It was only an hour or two later that I figured out what I had done: put together the colors of the Irish flag. Which is important because this week marks the hundred anniversary of what most Irish people regard as the birth of the Republic, with the infamous Easter Uprising, a disastrous and poorly planned confrontation with British troops in the heart of Dublin. If things had ended there, probably tempers would have cooled, but the British decided they had to execute the leaders of the uprising, which rallied the rest of the population to the cause of a free Ireland. So this is my celebration.
The Irish flag (bratach na hÉireann) is a vertical tricolor of green, white and orange (in that order, left to right). The green represents the Gaelic tradition of the country, the orange represents the followers of King William III (of Orange) in Ireland (his troops defeated King James II at the Battle of the Boyne), and the white stands for the hope for peace between the two. It was first raised over the General Post Office in Dublin in 1916 and came to be seen as the national flag, and symbolizes the hope for union.
Here endeth the history lesson. Let’s eat!
1 piece frozen puff pastry, thawed according to package directions
8 oz. smoked salmon (you don’t have to buy the expensive stuff—a package of the tag ends would do just fine and it’s cheaper)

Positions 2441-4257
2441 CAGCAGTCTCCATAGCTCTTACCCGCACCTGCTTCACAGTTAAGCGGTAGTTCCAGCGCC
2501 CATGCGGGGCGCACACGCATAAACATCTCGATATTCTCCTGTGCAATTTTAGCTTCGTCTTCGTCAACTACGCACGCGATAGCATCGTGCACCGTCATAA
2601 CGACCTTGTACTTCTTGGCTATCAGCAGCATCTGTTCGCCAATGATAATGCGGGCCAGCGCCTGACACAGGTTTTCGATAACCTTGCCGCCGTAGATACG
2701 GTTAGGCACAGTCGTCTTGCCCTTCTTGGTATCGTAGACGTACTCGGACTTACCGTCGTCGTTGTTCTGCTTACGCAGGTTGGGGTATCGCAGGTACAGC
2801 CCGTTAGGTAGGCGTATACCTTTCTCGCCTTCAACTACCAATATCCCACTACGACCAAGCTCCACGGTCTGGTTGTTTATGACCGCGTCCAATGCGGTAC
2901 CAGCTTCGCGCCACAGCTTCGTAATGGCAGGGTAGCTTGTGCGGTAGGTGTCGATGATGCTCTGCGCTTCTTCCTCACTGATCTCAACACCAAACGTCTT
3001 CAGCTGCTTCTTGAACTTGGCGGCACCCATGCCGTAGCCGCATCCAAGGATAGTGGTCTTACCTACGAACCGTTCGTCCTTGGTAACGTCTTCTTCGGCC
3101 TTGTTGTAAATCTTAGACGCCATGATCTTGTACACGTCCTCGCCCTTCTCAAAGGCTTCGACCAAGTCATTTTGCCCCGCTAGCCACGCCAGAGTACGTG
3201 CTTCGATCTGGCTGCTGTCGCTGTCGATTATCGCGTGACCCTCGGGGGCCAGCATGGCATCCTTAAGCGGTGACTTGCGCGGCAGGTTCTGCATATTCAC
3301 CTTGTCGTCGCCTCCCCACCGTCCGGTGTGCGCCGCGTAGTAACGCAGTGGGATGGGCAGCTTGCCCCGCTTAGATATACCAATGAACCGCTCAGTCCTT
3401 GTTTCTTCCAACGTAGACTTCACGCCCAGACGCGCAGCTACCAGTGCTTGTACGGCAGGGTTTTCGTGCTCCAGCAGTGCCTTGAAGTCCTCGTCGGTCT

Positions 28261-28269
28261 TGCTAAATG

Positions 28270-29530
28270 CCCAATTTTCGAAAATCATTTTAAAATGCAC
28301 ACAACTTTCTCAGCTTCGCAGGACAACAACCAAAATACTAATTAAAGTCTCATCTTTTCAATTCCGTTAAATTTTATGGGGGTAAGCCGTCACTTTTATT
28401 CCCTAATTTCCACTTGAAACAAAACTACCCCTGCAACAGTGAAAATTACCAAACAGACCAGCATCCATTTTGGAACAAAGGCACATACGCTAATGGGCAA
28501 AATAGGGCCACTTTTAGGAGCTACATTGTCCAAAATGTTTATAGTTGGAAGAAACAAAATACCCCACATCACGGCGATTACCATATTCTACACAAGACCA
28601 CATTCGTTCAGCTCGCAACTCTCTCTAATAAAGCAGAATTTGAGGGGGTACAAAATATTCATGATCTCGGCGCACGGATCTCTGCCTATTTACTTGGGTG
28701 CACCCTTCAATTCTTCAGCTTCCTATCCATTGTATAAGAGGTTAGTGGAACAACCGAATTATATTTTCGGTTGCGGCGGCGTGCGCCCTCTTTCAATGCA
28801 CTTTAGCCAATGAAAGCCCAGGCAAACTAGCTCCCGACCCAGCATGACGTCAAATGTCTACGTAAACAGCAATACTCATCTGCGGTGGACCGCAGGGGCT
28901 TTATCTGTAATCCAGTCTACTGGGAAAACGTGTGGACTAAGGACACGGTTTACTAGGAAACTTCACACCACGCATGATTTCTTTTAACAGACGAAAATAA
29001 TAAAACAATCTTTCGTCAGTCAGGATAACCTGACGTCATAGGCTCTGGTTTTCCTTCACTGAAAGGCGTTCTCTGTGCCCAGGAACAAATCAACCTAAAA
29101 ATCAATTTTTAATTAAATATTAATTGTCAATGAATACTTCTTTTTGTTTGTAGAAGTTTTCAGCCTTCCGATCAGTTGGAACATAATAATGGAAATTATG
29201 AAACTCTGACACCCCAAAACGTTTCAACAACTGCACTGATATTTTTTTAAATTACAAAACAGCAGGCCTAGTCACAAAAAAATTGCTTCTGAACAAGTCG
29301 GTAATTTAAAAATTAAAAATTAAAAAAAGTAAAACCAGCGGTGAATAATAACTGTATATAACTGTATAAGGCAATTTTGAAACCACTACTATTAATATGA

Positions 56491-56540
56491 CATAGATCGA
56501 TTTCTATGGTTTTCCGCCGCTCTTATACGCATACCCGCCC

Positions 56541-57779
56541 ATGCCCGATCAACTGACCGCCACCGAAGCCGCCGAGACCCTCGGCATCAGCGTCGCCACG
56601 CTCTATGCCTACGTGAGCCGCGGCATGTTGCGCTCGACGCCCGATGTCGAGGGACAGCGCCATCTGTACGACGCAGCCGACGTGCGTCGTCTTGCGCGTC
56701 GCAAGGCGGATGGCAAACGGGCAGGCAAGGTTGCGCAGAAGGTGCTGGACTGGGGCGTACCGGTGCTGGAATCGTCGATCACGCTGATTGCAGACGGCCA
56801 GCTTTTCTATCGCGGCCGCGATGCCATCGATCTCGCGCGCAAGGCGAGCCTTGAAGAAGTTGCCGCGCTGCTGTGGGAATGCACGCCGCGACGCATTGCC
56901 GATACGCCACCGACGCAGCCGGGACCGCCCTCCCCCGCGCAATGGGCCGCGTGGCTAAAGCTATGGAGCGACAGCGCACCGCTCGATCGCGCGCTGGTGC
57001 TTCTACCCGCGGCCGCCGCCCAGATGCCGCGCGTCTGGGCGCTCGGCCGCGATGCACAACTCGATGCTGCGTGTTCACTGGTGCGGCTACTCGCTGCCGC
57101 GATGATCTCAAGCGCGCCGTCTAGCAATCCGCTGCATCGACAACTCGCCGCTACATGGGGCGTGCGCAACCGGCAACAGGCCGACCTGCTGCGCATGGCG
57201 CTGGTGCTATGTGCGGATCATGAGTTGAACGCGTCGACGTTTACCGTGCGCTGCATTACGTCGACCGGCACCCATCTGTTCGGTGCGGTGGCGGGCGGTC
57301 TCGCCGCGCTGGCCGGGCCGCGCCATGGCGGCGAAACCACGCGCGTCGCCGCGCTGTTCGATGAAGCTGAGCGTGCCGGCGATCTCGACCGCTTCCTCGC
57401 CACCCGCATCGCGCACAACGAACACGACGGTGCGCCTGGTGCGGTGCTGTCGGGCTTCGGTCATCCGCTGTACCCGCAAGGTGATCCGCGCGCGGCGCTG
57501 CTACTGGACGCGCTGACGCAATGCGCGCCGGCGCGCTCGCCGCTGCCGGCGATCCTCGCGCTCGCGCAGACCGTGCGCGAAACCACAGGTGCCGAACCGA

4 oz. goat cheese (okay, here I faced a dilemma: goat cheese is squishy, in general, so how do I spread it evenly over the crust? I froze it first, then grated it coarsely!)
4 oz. Kerrygold Irish Cheddar, grated
1 bunch chives (however many you like)
Preheat the oven to 400 degrees.
Put a piece of parchment paper on a baking sheet and lay the thawed piece of puff pastry on top.
|Isn't that a great rolling pin? It was a gift from|
my sister in law, who knows the guy who
Chill your cheese, then grate it. Roughly chop your chives.
Sprinkle the grated goat cheese evenly over the crust. Place the salmon pieces on top, then sprinkle with the chives. Add a top layer of the cheddar. (Don’t overload the crust or it won’t rise well.)
At this point a little oil might be good. I’d suggest butter, which would be more Irish, but I don’t think that would work, so a neutral vegetable oil or oil will do just fine. Add just enough to keep the toppings from burning while the crust is cooking.
Bake for…well that’s a little tricky. Bake until the crust has risen and the cheese in lightly browned. The edges will rise first, but be patient and wait until the center had risen too (it won’t go as far as the edges). Keep checking every couple of minutes to make sure things aren’t browning too quickly, but it wasn’t a problem. Total time was probably 20-25 minutes.
Remove from the oven and let cool briefly, then cut into serving pieces. This recipe served two of us (my husband scarfed down the last piece as a late snack), but to serve more just duplicate it (the frozen puff pastry comes in a package with two, so you’d be all set).
Now raise a glass of Guinness (or Murphy's stout, which is made in Cork city), or maybe a shot of good whiskey (quite a few labels are made in Middleton, which is also in Cork), and salute one hundred years of Irish history!
A Turn for the Bad (County Cork Mystery #4) came out in February 2016 and was a Barnes and Noble bestseller.